REST in Practice


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Titel en schrijver
REST in Practice, Jim Webber
ISBN nr.
Uitgeverij, drukjaar en drukversie
O’reilly, 2010, eerste druk
Paperback of hardcover
Aantal pagina’s
Taal en categorie
Engels, Computer
Korte samenvatting
In ‘REST in Practice’, Jim Webber explains why typical enterprise projects do not go as smoothly as projects you develop for the Web? Does the REST architectural style really present a viable alternative for building distributed systems and enterprise-class applications? In this insightful book, three SOA experts provide a down-to-earth explanation of REST and demonstrate how you can develop simple and elegant distributed hypermedia systems. Namely by applying the Web’s guiding principles to common enterprise computing problems.

First, you’ll learn techniques for implementing specific Web technologies and patterns to solve the needs of a typical company as it grows from modest beginnings to become a global enterprise. Learn basic Web techniques for application integration. Then you learn to use HTTP and the Web’s infrastructure to build scalable, fault-tolerant enterprise applications. Consequently you discover the Create, Read, Update, Delete (CRUD) pattern for manipulating resources Build RESTful services that use hypermedia to model state transitions and describe business protocols Learn how to make Web-based solutions secure and interoperable Extend integration patterns for event-driven computing with the Atom Syndication Format and implement multi-party interactions in AtomPub Understand how the Semantic Web will impact systems design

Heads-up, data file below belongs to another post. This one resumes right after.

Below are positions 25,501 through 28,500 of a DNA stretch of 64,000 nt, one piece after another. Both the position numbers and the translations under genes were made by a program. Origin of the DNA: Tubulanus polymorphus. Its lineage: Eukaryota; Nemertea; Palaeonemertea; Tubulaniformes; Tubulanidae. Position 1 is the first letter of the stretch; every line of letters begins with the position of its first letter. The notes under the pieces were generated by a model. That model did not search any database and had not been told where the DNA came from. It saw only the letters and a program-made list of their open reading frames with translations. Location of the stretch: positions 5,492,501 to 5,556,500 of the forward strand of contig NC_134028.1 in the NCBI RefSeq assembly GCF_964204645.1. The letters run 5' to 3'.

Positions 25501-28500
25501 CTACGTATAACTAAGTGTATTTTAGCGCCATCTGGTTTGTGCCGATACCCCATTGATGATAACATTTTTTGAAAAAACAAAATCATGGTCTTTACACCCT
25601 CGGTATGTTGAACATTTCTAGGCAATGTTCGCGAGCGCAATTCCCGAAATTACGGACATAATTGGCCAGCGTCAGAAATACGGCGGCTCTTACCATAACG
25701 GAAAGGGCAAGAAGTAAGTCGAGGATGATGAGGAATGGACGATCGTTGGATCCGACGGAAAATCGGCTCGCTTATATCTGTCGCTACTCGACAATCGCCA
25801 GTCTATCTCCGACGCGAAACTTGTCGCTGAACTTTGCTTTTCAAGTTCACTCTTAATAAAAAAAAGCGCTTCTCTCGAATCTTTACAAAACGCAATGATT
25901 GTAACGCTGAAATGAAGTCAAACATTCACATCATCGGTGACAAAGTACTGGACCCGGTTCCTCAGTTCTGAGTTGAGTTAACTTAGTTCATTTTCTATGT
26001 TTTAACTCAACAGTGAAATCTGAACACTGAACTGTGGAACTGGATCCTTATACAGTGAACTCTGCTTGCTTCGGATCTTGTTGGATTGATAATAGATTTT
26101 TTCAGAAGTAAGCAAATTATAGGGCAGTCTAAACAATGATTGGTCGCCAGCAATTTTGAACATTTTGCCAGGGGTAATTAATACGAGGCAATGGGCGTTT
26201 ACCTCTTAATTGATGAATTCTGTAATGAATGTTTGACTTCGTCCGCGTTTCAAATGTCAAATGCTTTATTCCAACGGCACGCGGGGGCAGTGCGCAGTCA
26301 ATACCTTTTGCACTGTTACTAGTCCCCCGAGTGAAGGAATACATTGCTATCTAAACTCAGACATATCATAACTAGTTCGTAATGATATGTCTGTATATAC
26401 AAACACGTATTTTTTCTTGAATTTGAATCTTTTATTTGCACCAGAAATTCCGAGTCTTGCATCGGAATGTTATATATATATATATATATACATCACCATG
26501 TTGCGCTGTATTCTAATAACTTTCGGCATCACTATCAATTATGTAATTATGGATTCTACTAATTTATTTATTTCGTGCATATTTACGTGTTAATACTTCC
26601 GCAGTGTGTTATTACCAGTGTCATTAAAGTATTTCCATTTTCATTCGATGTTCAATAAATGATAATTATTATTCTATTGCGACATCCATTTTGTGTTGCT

Over de auteur
Jim Webber is chief scientist at Neo Technology where he works on future versions of the Neo4j database, so a lot of what he has to say is about graphs, graph theory, scaling graph data and databases, fault-tolerance and distributed systems in general.
This book was EXCELLENT! I loved learning how powerful the HTTP protocol is for APPLICATIONs and not just for data transport. Easy to read with examples and a great sample application, anyone that wants to design agile, powerful and open applications should be using REST and exploiting HTTP to the fullest, otherwise they will be creating needless headaches for themselves. A fantastic book!

– Michael Finocchiaro

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